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August Is The Most Critical Month For Pecans

Pecan production, like any type of farming, is a continuous battle, but it doesn’t matter how much hard work a grower puts into growing pecans if they slack off in August and allow the many stresses that plague the trees to get ahead of them. Many of these stresses will affect the following year’s crop moreso than the current year crop. This is the time of year that flower induction occurs. This means that as I write this, the tree is programming its cells to produce vegetative or reproductive buds next year. While this is driven primarily by the effect of crop load on the tree, additional stresses like drought, insects, disease, sunlight, etc. in August can significantly reduce the following year’s crop. The trees should be kept as stress-free as possible at this time.


I am seeing signs of a number of stress factors pop up in orchards right now. The most common are black aphids, mites, shade and drought. In my last post I discussed the need for vigilance when managing black aphid susceptible varieties like Schley, Sumner, Gloria Grande, and Oconee. You have to pull the trigger on this pest before it builds to easily noticeable levels and the population gets out of hand as it did in the photos below. This can happen very rapidly if growers do not pay close attention to populations this time of year.

Black Aphid Damage


Mites are a little tougher to know when to pull the trigger on. They can be found in the orchard throughout much of the year and normally don’t reach population levels that do harm. The trees can tolerate them to a point. But, like certain diseases that lay in wait until the right conditions are found. When it gets hot and dry in late July/August and you see a strong mite population on the leaves, they can explode rapidly just as black aphids do, causing severe scorching and defoliation. This normally occurs following a spray with chlorpyrifos or other broad spectrum insecticides but that’s not always the case. I have seen this in orchards where no broad spectrum insecticides were used. Therefore, growers should be vigilant of mites and watch for signs of early scorching which begins along the midrib of the leaflets. Portal is a good option but has shown signs of weakening in some orchards where it has been used exclusively for a couple of years for mite control. The same could be said of Acramite. If you have aphids and mites, Nexter at the 6.6 oz rate is a good option. It provides quick knockdown and works well on both pests. Envidore is a good option for mites, providing excellent residual control but does not provide a quick knockdown so it would need to be used before mite populations reach damaging levels. These miticides are expensive at over $20-over $25 per acre so you want to be sure that there are mites present before spraying. There are many things out there that can scorch leaves and a grower can waste a lot of money spraying scorched leaves rather than mites.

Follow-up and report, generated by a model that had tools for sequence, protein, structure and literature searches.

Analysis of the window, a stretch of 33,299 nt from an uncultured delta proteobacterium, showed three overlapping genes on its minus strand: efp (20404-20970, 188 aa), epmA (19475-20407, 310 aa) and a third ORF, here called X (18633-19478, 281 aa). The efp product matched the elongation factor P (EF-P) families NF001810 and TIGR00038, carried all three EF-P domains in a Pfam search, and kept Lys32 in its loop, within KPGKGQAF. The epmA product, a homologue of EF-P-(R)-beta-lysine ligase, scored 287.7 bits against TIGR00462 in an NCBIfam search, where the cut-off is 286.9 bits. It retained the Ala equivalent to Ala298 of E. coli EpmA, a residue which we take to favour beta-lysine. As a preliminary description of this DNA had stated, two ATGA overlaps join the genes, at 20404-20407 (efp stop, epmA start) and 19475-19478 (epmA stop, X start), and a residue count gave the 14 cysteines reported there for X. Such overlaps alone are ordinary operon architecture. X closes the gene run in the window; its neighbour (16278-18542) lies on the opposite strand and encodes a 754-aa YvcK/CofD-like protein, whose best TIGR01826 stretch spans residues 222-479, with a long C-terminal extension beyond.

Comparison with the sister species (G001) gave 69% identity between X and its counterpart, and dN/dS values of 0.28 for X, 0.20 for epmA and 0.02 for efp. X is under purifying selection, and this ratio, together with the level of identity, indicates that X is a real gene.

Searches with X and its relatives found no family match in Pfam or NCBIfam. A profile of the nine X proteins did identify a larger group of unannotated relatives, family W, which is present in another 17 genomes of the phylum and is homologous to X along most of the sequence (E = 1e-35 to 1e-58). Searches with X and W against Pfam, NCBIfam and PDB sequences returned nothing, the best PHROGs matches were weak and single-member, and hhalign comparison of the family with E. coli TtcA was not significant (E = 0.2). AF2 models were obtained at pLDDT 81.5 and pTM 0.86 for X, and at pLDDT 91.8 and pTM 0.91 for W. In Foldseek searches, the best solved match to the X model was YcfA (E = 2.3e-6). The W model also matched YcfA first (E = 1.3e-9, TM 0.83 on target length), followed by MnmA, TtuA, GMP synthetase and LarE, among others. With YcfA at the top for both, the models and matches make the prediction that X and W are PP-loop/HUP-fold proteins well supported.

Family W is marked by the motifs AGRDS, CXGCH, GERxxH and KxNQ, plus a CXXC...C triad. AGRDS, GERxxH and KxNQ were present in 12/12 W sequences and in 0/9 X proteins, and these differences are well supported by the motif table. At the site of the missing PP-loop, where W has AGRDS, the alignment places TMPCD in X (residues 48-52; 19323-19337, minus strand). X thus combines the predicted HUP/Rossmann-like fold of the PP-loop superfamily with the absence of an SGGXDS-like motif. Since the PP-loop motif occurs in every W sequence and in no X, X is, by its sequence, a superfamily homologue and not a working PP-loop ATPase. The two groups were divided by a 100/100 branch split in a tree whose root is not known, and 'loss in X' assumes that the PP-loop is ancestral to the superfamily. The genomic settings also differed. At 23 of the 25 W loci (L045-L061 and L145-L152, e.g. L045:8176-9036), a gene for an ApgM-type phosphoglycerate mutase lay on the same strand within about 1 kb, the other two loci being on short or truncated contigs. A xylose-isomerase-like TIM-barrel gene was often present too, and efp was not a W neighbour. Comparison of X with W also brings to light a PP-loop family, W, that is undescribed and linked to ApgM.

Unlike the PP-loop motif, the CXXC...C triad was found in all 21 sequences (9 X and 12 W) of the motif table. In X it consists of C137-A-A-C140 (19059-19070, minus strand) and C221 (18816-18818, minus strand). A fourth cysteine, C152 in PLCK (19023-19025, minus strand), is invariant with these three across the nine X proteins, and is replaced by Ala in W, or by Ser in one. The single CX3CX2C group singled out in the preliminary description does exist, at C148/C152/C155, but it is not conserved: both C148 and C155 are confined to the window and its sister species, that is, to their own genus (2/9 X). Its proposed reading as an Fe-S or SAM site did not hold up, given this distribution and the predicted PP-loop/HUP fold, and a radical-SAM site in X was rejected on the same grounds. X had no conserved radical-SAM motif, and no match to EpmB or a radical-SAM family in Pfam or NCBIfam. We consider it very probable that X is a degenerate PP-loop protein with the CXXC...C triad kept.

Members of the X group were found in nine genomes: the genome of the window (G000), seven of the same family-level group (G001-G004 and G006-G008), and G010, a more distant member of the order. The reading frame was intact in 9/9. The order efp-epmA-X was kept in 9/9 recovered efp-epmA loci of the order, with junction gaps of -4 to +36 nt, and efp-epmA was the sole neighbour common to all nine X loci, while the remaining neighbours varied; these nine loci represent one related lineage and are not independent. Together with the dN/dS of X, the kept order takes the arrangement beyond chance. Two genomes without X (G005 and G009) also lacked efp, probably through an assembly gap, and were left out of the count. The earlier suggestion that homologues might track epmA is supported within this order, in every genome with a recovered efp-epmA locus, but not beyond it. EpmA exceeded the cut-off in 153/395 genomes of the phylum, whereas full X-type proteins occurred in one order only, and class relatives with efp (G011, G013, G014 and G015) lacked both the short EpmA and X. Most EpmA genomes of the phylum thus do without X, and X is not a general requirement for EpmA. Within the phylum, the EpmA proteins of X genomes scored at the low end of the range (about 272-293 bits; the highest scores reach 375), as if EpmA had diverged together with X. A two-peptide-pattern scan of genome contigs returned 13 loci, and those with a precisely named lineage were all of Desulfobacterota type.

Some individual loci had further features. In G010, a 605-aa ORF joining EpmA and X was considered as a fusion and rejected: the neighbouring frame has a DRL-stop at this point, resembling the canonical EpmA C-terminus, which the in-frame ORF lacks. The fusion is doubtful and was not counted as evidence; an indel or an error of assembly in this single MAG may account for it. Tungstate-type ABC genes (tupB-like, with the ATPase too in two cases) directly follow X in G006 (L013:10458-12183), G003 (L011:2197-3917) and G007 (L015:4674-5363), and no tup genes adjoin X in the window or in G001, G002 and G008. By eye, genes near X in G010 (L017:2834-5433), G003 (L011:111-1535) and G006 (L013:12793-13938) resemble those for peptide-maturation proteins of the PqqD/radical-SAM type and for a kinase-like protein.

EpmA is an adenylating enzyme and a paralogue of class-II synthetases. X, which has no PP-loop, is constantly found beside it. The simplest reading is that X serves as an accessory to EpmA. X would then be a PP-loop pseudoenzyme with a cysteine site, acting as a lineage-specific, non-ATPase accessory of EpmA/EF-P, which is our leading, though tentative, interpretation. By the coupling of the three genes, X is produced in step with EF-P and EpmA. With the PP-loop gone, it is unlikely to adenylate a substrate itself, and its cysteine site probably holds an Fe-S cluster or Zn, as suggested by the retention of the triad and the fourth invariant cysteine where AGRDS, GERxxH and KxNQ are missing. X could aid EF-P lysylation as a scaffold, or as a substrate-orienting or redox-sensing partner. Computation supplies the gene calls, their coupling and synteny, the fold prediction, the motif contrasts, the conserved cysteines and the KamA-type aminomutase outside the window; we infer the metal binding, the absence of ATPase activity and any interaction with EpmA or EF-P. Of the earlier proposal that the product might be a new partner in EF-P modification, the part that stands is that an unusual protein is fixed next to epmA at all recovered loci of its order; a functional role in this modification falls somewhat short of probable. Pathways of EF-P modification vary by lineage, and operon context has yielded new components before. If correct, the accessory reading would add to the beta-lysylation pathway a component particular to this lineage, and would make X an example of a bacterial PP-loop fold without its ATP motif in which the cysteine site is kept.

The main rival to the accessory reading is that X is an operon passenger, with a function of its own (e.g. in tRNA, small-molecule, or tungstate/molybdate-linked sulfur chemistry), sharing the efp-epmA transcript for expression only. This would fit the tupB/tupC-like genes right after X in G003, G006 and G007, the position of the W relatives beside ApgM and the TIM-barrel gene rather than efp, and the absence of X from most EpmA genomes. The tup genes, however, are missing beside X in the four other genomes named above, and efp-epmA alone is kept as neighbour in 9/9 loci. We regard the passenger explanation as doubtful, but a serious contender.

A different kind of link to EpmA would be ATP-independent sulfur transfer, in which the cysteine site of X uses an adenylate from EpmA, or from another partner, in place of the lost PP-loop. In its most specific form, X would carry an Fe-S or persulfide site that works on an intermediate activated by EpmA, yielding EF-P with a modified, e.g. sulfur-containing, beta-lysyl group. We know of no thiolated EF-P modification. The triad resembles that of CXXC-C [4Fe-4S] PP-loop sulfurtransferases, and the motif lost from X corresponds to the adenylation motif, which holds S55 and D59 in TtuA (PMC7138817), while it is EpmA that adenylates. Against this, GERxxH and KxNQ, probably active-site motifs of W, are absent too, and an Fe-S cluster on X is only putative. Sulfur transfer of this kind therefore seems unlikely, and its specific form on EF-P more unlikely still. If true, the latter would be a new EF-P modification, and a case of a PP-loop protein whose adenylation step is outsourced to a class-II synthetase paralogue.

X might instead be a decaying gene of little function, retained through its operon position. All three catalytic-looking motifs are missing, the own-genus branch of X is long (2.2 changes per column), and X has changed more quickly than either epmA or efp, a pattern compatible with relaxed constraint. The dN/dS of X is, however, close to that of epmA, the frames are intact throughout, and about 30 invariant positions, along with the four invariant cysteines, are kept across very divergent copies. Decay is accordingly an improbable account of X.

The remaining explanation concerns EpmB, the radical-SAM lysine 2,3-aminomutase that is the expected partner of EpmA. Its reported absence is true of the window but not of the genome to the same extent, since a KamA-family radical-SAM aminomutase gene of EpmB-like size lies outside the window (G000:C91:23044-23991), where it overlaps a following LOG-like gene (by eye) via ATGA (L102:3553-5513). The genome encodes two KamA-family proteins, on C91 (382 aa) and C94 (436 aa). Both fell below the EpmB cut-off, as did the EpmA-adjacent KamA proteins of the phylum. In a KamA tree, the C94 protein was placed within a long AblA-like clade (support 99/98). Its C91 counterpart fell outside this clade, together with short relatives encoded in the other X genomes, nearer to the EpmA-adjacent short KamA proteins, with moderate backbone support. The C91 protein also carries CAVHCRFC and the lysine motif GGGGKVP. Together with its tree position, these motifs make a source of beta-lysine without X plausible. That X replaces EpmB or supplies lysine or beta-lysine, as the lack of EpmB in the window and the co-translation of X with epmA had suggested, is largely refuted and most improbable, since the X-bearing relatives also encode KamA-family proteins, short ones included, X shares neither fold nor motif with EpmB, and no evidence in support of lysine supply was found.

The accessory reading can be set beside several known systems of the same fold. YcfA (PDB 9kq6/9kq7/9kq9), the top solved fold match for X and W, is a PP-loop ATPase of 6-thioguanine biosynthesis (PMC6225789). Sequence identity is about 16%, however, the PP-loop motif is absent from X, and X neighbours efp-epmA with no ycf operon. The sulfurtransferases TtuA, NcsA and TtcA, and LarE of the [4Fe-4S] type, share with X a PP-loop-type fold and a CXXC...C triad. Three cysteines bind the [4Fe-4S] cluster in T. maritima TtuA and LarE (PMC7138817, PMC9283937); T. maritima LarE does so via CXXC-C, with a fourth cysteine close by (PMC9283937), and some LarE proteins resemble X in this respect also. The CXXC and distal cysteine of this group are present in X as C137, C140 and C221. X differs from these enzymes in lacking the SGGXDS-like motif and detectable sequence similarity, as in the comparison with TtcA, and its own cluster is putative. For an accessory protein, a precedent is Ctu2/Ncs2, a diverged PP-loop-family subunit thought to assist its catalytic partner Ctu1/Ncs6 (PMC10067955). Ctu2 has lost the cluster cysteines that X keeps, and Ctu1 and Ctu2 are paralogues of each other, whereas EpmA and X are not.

Mite Damage and Defoliation


I see leaves falling in a number of orchards at the moment that are simply turning yellow and falling. With black aphids you can see distinct spots that may appear to stay within the margins of leaf veins. When the yellowing occurs in a more uniform pattern in the leaf, as you would expect to see when the leaves change in the fall, you are simply seeing early senescense of these leaves. More often than not this occurs in the inner canopy and is brought about by shading. It can also occur in crowded orchards on the outside of the canopy. Drought or failing to provide adequate water at this critical time of year can also contribute to this problem.

Shading/Drought/Early Senescence

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Any of these stress factors and others can significantly affect the pecan crop. This is especially true for its effect on next year’s return crop. If there is a light load or no crop on the tree, these stresses, while having some effect, usually won’t completely eliminate next year’s crop. If there is a heavy crop load and the trees suffer from the various stresses that occur this time of year, the trees will almost certainly respond with little or no return crop. Its management in August that separates good pecan growers from average ones. Its all about timing.



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About Lenny Wells

I am a Professor of Horticulture and Extension Horticulture Specialist for pecans at the University of Georgia. My research and extension programs focus on practical cultural management strategies that help to enhance the economic and environmental sustainability of pecan production in Georgia.